There are times when we need to go into ourselves and to feel the pain, to share it with each other, whether with words or simply with understanding presence. And yet, we cannot allow the pain to narrow the span of our arms or of our vision. We still need to hold all there is to be held of pain in the world, and even if through tears to see all the work that needs doing, so many others crying too.So it was in the effort to hold that jagged disconnect between my concern for the man and the hateful tone of his utterance.

     Thoughts of these two incidents weighed on me as we approached the Sabbath called Shabbat Chazon/the Sabbath of Vision that precedes the mid-summer day of mourning called Tisha B’Av. The name Shabbat Chazon is drawn from the first word of the prophetic reading for the day, Chazon Yisheyahu/the Vision of Isaiah, his plea to turn from ways that hurt our selves and others, to bring healing and repair through justice and righteousness. That is the way of response if we would heal the world. Jews have shed torrents of tears through these weeks of summer heat that call up hatreds and tragedies of the past and remind us not to be drawn into the vortex, but to rise above it and build anew the Temple of hope and redemption, not a building of stone and wood, of silver and gold, but of love and compassion for ourselves and all within the human family. That is the gift of Tisha B’Av, the ninth day of the month of Av, a day of fasting and mourning for all the hate and destruction that has been. Marking the destruction of both Temples, so the destruction of the world is contemplated, God protect us, the holy houses that stood in Jerusalem each in its time having represented the entire world. Seeds of hope are planted in the midst of destruction. Tradition teaches that the Messiah will be born on Tisha B’Av. So too, this month is referred to as Menachem Av/Av the Comforter. It is not a month as a period of time that itself brings comfort. We are each to be the comforter, drawing from the pain experienced in holding the memories brought before us, and extending our arms to embrace each other and hold all there is to hold.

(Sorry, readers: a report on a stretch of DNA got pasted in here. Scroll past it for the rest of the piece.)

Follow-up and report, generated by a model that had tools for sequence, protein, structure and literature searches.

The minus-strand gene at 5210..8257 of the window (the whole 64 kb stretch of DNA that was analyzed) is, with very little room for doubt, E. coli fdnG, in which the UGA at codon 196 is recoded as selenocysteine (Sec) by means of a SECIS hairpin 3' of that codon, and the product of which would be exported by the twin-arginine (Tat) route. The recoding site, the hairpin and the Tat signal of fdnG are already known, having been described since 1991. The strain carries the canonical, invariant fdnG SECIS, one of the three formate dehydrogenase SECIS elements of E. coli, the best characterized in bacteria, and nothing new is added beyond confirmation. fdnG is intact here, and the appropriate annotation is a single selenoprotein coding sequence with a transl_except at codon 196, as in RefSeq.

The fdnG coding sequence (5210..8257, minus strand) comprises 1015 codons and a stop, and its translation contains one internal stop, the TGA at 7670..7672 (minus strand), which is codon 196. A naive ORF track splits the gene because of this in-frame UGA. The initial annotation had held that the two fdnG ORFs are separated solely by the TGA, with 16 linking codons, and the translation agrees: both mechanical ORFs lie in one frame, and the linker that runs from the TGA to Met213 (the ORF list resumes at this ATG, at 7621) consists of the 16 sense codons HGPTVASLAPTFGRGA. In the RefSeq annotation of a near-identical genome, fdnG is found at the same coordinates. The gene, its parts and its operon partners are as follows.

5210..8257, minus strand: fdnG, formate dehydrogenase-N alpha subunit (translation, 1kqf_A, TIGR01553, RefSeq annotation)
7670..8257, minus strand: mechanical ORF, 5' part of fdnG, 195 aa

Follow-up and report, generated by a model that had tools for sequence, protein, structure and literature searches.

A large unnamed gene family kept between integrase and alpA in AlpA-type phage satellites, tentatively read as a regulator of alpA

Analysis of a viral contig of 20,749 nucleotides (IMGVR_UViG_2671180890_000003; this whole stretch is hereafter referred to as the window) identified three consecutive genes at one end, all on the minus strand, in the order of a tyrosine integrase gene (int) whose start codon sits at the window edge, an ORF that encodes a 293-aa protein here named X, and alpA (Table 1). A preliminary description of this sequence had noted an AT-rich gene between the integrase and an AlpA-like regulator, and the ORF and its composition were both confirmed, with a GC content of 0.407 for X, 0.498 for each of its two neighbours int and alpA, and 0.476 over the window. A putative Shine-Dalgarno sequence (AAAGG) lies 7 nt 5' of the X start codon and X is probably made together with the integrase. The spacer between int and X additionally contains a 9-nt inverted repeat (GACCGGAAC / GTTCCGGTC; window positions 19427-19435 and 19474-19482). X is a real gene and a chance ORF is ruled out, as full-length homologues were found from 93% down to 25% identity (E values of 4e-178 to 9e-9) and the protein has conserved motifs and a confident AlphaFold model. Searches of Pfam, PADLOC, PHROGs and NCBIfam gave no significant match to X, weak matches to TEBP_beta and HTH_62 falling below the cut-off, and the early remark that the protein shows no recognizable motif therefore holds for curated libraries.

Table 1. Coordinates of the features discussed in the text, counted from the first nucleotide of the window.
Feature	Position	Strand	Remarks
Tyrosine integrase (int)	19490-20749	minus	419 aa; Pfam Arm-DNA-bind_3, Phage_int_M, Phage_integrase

On the Sabbath before Tisha B’Av, Shabbat Chazon, we read the Torah portion D’varim (Deut. 1:1-3:22), beginning the last book of the Torah, Sefer D’varim, as Deuteronomy is known in Hebrew. As the portion and the book open, eleh ha’d’varim/these are the words, so that becomes our challenge and our comfort, to use words to connect rather than to divide. As Sefer D’varim, the fifth book of the Torah means literally, the Book of Words